Teenagers need 10 to 12 hours of sleep each day, but they may have a hard time reaching this goal because of emotional stressors, biological changes, and sleep habits.

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If you feel like your teenager is awake all night, you’re not alone. Up to 39% of adolescents experience insomnia. In addition to medical or stress reductions in sleep, biology may make teenagers even more likely to experience insomnia.

There are behavioral changes, therapies, and medications that can help.

Learn more about insomnia.

Symptoms of insomnia in teenagers — individuals ages 13 to 18 years — can include:

  • feeling tired, but then waking up after getting into bed
  • difficulty falling asleep
  • waking up frequently during the night and having a hard time falling back asleep
  • finding reasons to delay going to bed
  • difficulty waking up in the morning
  • frequently wanting to nap during the day
  • having trouble concentrating and remembering things

How much sleep do teens really need?

According to the Centers for Disease Control and Prevention (CDC), teenagers 13 to 18 years old need 8 to 10 hours of sleep every day.

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Research of 13- to 16-year-olds indicates that teenagers go through changes in their sleep structure and circadian rhythms that may cause them to naturally fall asleep later and also wake up later. Many teenagers spend a great deal of time on their phones, watching television, or using other technology, which may also make it difficult to fall asleep.

School start times can restrict how late teenagers can sleep, and this can result in sleep debts. Sleep deprivation ultimately may lead to further disturbances in their circadian rhythms.

Teenagers can also experience insomnia as a result of stress or medical issues like sleep apnea.

What ages are considered “teenage”?

The definition of “teenager” can vary from study to study. The CDC gives recommendations for individuals ages 13 to 18 years, while the National Sleep Foundation considers individuals ages 14 to 17 years to be teenagers.

The general recommendation for the amount of sleep people in this age group need is between 8 and 11 hours each night.

Kids are unique, so the exact amount of sleep each teen needs may vary.

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Some things that can potentially improve your teen’s insomnia include:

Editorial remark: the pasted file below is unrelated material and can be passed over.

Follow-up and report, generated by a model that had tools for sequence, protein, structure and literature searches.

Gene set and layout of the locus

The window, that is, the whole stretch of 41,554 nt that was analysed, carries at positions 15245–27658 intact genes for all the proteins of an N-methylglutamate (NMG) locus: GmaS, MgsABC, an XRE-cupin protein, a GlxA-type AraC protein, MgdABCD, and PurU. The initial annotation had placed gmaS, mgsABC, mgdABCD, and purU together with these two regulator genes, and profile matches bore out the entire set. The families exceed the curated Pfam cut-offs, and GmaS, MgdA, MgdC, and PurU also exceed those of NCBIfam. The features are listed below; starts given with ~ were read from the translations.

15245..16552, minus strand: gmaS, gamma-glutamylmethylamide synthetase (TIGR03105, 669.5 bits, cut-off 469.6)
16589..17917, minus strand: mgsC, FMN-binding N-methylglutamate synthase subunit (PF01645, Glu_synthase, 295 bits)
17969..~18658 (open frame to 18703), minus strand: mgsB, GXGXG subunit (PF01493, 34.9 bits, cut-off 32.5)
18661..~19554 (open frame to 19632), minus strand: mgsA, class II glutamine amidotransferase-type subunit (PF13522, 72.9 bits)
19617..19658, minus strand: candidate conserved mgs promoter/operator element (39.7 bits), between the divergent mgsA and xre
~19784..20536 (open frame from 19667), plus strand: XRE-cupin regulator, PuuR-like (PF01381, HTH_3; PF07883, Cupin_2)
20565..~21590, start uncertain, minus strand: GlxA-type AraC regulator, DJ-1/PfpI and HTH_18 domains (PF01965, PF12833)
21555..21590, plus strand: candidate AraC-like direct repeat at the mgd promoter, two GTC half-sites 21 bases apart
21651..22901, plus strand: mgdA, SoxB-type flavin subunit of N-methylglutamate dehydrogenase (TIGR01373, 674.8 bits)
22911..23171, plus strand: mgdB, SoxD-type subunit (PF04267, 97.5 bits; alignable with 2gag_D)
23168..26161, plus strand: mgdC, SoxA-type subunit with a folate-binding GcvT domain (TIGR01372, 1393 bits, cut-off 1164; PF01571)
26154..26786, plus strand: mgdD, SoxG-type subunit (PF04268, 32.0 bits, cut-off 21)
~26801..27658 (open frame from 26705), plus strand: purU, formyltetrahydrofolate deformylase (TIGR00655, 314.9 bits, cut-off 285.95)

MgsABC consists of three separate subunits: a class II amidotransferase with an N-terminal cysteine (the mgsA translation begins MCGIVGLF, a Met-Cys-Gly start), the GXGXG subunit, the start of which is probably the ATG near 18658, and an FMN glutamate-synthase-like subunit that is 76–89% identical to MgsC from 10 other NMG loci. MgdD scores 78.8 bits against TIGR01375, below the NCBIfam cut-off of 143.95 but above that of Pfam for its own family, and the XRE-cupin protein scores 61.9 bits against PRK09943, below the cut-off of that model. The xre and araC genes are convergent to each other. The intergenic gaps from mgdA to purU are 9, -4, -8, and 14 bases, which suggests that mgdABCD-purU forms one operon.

• avoiding caffeine in the late afternoon and evening
  • sticking to a specific bedtime and sleep routine
  • limiting technology, including cell phones, computers, and television at night
  • getting exercise every day
  • talking with a licensed therapist
  • addressing any underlying health issues

If chronic insomnia is affecting your teenager’s health and quality of life, a doctor may be able to prescribe medications to help with sleep.

Some factors that can increase the chances of insomnia at any age include:

  • family history of insomnia
  • being assigned female at birth
  • daytime napping
  • not getting enough physical activity during the day
  • going through a breakup or other emotional events
  • use of nicotine, alcohol, or unprescribed drugs
  • anxiety
  • depression

Your teenager’s insomnia may last for a few days, months, or years, depending on the cause behind it. Addressing any underlying medical or environmental causes can help resolve insomnia more quickly and prevent more serious health complications from developing.

Finding help if you think your teen has insomnia

If your teenager is having trouble sleeping, you may want to speak with healthcare professionals, such as a:

  • doctor
  • therapist
  • local sleep clinic

A local hospital or doctor’s office may also offer a sleep support group for individuals living with insomnia.

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How do you fix bad insomnia?

You may be able to resolve insomnia by creating good sleep routines, getting plenty of daily exercise, and finding healthy outlets for stress.

If your insomnia persists or is affecting your life, it’s important to speak with a doctor. They can help decide if there’s an underlying medical cause.

What is the first-line treatment for insomnia?

Simple lifestyle changes like increasing physical activity, avoiding caffeine later in the day, or removing your cell phone from the bedroom can be a place to start treating your insomnia.

For long-term, chronic insomnia, cognitive behavioral therapy (CBT) and medications may be used to help get you back on track with your sleep.

Is there a blood test for insomnia?

There’s no single test that can be done to diagnose insomnia, but a doctor may perform blood tests to check if thyroid issues, low iron, or other health conditions are playing a role in your insomnia.

Will you eventually fall asleep with insomnia?

Yes, even if you have insomnia, exhaustion will eventually cause you to fall asleep.

Insomnia in teenagers is a common difficulty that can be caused by irregular sleep habits, emotional stressors, or biological changes. If your teenager is experiencing insomnia, it’s important to help them establish good sleep routines and find healthy ways to cope with stress.

Without sufficient sleep, your teenager may become forgetful, have trouble concentrating on important daily tasks, and get sick more frequently.

If you or your teenager is experiencing chronic insomnia, it’s important to speak with a doctor to prevent related health complications.